“[Neufeld’s] son had known the car and had ridden by the house it was stored in on his bicycle, and he stopped in and asked them about the car, and he got his dad to buy it in 1977,” Brousseau said. “It was his car in high school and college.”
Any Pontiac Firebird 400 convertible makes an enviable ride on campus, especially a car with touches by a famous customizer. But by 1986, the shine had worn off the four-wheeled former TV star. At that time, Neufeld’s son, now a respected Hollywood type in his own right, parked his special Firebird 400 convertible. In 2009, he placed the car for sale on an Internet site.
Brousseau and his partner spotted the car for sale, but there were no photographs with the ad. Like many of the Pontiac fans eyeing the car, Brousseau and his partner speculated on whether the car was authentic. Eventually, the ad disappeared until late 2010 when it re-appeared, this time with pictures. Within an hour of spotting it, Brousseau and his partner jumped on the car and began the process of authenticating it with Pontiac Historic Services.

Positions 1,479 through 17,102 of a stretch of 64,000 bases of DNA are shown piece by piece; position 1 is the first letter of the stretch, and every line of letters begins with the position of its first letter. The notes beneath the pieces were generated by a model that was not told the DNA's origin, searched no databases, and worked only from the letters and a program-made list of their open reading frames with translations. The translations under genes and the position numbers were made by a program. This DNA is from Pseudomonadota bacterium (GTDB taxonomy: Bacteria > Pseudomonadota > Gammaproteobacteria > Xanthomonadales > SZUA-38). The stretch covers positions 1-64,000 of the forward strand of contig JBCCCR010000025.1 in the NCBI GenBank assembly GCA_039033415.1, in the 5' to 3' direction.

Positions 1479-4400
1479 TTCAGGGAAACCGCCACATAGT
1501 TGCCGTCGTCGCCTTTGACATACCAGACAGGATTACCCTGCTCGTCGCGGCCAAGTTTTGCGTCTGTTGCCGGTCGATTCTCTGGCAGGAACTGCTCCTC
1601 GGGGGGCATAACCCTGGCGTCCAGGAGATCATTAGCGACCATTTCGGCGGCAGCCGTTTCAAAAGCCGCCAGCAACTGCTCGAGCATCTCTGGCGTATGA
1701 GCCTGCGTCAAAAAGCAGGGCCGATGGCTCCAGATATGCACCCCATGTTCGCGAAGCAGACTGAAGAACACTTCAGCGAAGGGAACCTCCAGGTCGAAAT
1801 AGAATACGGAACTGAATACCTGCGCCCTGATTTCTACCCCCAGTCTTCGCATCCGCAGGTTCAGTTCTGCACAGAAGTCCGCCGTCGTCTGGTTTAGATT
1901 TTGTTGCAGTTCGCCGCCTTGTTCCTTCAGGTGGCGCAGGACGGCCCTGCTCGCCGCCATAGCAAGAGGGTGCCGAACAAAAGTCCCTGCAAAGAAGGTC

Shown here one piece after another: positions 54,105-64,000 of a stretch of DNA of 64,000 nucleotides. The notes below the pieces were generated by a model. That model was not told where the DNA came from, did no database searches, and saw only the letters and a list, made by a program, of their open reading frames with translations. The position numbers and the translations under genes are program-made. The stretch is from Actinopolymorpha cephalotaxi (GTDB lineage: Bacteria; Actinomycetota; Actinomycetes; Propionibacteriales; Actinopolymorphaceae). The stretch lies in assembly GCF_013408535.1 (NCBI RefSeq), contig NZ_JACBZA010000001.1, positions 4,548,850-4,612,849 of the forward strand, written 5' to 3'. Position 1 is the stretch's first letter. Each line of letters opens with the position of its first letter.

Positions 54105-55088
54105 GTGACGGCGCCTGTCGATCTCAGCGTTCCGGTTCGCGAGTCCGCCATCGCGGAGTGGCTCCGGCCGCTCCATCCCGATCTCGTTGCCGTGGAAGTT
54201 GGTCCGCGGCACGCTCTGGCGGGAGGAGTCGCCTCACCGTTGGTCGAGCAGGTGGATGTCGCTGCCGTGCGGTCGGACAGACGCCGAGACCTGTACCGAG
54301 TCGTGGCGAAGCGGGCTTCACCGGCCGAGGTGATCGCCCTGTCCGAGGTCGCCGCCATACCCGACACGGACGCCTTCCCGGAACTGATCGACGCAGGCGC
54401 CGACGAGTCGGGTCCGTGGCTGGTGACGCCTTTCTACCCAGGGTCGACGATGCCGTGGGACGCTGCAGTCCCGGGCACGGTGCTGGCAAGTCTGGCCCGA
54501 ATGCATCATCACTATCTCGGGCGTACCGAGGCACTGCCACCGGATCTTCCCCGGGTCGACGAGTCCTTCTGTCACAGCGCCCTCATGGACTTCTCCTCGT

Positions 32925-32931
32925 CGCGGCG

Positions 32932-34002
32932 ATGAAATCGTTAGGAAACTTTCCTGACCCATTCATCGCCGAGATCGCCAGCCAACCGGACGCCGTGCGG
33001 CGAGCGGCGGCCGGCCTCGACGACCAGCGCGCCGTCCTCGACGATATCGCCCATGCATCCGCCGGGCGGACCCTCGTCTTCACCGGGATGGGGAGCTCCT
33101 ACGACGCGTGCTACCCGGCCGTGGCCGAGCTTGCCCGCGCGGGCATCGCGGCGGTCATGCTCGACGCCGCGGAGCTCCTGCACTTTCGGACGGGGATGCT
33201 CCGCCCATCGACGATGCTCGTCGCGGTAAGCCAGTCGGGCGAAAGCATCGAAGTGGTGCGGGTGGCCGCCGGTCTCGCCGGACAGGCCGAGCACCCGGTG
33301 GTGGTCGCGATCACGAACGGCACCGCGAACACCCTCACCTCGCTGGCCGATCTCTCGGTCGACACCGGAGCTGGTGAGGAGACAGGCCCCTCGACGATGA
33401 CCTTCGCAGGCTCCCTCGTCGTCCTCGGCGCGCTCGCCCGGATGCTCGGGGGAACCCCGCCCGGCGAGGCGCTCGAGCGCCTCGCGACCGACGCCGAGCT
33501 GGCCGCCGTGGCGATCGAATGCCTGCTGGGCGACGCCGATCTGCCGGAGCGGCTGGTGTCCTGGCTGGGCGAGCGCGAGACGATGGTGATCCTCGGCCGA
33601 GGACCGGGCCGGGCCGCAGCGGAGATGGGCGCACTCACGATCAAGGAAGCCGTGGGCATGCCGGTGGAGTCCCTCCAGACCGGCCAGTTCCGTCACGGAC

“When I sent off for the PHS documentation, I got a phone call the next day,” Brousseau said. “In all my years of sending in PHS VIN numbers, I have never got a call from Jim Mattison the next day.”
Brousseau learned the Pontiac is unusual because it has three build sheets: the first shows the car’s assembly date and its long list of options: special-order Carousel Red paint, wood steering wheel with power tilt function, power antennae, power steering, power top, power disc brakes, console, Rally II wheels, remote mirror, power windows, deluxe seat belts, air conditioning, rally gauges and more. The build sheet showed a total price of $4,877 reflecting nearly $1,800 in options to the Firebird convertible’s $3,083 price.
“The first invoice is dated January 1969 and had it billed to the zone office in Michigan,” Brousseau said. “Then it had a second build sheet directing it to the zone office in Los Angeles, and from there, it went to the production company of ‘I Dream of Jeannie.’
“When the show ended, the third build sheet is actually dated the very end of July of 1970, so like a year and a half after it was produced, it was still owned by Pontiac. The MSO was issued in 1970 and there is a charged loss to this account and the final invoice is a dollar.”